It's hard to imagine living without power. Almost everything we do relies on some form of electricity, and losing access to it would result in a number of problems for the public. That's why it's so important that our electrical grid receive a design that minimizes potential errors and state-wide blackouts. 

The worry about blackouts first started in August 2003, when a "chain-reaction outage snarled transportation systems, shut down stock exchanges and was blamed for contributing directly to 10 deaths as it spread through the Northeast's population centers," according to USA Today. The blackout was caused by a misplaced uncut branch, as well as a glitch in the software and a series of human errors. This particular outage was a perfect study point for infrastructure developers, since it provided a simple yet clear proof of how the U.S. infrastructure could go down.

The 2003 blackout, along with a 12-hour long CA-based blackout in 2011, acted as the evidence and proof that electric companies and the government needed to update the current electrical framework. For example, many military bases in the U.S. moved to their own independent grid, while some towns created their own micro-grid that wouldn't be affected by damage to a wire 300 miles away.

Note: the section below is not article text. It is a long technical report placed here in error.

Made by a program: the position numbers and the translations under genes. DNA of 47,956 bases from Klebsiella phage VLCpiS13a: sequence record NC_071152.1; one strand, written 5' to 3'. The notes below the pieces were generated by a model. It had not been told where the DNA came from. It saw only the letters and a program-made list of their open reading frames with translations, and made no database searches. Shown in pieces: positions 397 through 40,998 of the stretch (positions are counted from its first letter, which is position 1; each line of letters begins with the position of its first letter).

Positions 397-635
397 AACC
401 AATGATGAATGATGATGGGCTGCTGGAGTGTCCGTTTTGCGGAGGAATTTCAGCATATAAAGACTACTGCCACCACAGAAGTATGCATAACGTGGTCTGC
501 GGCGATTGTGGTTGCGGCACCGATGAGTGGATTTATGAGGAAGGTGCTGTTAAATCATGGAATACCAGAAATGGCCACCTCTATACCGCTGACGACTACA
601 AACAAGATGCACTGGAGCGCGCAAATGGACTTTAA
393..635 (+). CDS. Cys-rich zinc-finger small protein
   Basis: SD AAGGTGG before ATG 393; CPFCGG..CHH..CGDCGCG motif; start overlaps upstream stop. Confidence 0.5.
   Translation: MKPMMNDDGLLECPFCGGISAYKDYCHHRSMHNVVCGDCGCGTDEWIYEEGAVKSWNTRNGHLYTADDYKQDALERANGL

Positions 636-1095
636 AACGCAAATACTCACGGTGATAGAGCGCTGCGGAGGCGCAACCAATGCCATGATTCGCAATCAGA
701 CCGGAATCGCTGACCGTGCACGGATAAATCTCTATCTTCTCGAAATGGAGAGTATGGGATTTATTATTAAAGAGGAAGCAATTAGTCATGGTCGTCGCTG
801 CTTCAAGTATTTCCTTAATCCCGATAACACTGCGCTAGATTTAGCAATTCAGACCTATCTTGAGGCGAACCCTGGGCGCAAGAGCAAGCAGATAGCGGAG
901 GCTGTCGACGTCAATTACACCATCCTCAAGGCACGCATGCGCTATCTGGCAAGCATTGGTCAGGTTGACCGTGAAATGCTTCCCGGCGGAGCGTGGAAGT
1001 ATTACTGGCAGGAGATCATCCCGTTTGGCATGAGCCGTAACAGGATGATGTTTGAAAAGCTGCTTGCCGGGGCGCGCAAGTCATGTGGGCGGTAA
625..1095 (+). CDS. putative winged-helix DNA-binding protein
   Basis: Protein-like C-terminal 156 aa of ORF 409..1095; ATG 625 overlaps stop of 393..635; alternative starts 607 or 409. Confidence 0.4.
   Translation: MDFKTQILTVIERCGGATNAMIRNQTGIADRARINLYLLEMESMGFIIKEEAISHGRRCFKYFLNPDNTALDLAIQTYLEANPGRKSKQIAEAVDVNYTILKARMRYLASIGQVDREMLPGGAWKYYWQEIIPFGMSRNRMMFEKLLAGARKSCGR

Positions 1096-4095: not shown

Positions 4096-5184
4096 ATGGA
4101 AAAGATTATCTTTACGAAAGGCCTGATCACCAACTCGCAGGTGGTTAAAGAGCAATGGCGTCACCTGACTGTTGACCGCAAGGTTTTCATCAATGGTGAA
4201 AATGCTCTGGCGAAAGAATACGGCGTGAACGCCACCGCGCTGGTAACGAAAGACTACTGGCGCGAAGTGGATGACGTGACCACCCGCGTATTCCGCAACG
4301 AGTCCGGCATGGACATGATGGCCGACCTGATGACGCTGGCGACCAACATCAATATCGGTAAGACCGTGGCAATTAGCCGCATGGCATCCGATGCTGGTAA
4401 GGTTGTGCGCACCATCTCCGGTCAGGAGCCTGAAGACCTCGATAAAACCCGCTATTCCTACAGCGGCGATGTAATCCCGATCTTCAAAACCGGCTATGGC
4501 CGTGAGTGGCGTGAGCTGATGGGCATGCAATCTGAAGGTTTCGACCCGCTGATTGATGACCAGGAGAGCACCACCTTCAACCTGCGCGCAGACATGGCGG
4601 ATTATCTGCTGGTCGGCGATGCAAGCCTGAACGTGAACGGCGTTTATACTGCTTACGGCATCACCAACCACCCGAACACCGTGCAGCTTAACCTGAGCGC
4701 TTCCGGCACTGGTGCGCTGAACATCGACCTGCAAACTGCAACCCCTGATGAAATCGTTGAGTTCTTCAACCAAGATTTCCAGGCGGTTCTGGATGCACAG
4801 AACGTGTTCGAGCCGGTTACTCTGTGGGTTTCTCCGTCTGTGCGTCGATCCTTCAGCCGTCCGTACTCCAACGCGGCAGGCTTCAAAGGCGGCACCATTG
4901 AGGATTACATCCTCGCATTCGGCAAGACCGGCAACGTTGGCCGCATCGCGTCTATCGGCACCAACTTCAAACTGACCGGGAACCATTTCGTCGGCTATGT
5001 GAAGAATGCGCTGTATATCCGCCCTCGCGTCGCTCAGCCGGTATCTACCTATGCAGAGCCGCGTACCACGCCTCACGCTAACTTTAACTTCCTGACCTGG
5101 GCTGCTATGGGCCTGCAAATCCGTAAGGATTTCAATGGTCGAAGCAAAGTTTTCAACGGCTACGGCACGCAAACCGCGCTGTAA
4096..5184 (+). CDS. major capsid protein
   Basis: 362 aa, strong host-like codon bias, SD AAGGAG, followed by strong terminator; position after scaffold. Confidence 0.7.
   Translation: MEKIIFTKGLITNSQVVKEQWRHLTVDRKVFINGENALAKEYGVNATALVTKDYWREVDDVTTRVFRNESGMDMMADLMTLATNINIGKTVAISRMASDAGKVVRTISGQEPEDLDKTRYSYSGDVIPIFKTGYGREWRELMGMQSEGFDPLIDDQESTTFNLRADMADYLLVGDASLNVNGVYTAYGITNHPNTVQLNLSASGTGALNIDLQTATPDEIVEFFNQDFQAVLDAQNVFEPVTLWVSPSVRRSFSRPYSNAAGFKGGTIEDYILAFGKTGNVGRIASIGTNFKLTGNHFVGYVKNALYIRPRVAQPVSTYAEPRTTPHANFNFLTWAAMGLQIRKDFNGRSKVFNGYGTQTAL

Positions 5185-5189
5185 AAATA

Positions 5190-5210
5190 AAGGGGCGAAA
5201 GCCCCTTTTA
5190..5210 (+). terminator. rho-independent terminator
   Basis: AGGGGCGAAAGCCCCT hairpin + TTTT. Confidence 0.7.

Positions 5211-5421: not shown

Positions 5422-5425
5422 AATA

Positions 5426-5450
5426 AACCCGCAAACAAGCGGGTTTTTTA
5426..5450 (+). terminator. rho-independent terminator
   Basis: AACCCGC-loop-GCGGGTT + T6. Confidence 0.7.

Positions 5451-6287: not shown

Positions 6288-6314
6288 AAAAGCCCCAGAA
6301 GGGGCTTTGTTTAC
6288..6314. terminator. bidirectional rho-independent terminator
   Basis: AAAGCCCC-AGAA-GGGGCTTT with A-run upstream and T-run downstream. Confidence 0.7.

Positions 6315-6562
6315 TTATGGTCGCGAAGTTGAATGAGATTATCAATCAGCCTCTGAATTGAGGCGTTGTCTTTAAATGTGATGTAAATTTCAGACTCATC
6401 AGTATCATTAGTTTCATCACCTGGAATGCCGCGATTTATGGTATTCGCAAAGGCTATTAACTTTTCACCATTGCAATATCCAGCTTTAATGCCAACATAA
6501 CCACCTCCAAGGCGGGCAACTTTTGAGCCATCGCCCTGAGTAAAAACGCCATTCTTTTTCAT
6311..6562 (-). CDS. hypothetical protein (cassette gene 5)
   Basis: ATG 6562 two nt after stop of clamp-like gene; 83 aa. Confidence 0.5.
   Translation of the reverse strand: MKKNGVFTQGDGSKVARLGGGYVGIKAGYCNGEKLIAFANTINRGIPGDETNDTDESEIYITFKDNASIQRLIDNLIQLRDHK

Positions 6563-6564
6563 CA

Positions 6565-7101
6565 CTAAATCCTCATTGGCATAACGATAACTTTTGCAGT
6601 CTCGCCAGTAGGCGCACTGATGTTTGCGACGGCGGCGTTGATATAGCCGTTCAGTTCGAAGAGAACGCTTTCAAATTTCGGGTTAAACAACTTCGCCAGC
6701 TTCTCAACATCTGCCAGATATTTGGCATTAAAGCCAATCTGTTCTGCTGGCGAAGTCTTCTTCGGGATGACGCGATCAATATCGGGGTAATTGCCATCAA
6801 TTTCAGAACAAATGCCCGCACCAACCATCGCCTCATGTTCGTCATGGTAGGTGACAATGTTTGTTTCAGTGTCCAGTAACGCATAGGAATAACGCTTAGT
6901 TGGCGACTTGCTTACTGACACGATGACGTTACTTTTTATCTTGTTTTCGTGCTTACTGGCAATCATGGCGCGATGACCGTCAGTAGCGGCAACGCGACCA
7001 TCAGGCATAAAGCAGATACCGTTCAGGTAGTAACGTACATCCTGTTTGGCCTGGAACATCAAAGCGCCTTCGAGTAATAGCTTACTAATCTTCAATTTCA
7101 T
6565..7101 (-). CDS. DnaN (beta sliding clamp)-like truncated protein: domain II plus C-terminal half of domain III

While these infrastructural changes are fantastic steps for building a better framework for power, they only go so far. Cybersecurity expert Jeff Carr told USA Today that "There are so many ways to take down a power company.....Unfortunately, the reality is that a dedicated hacker is always going to find a way in."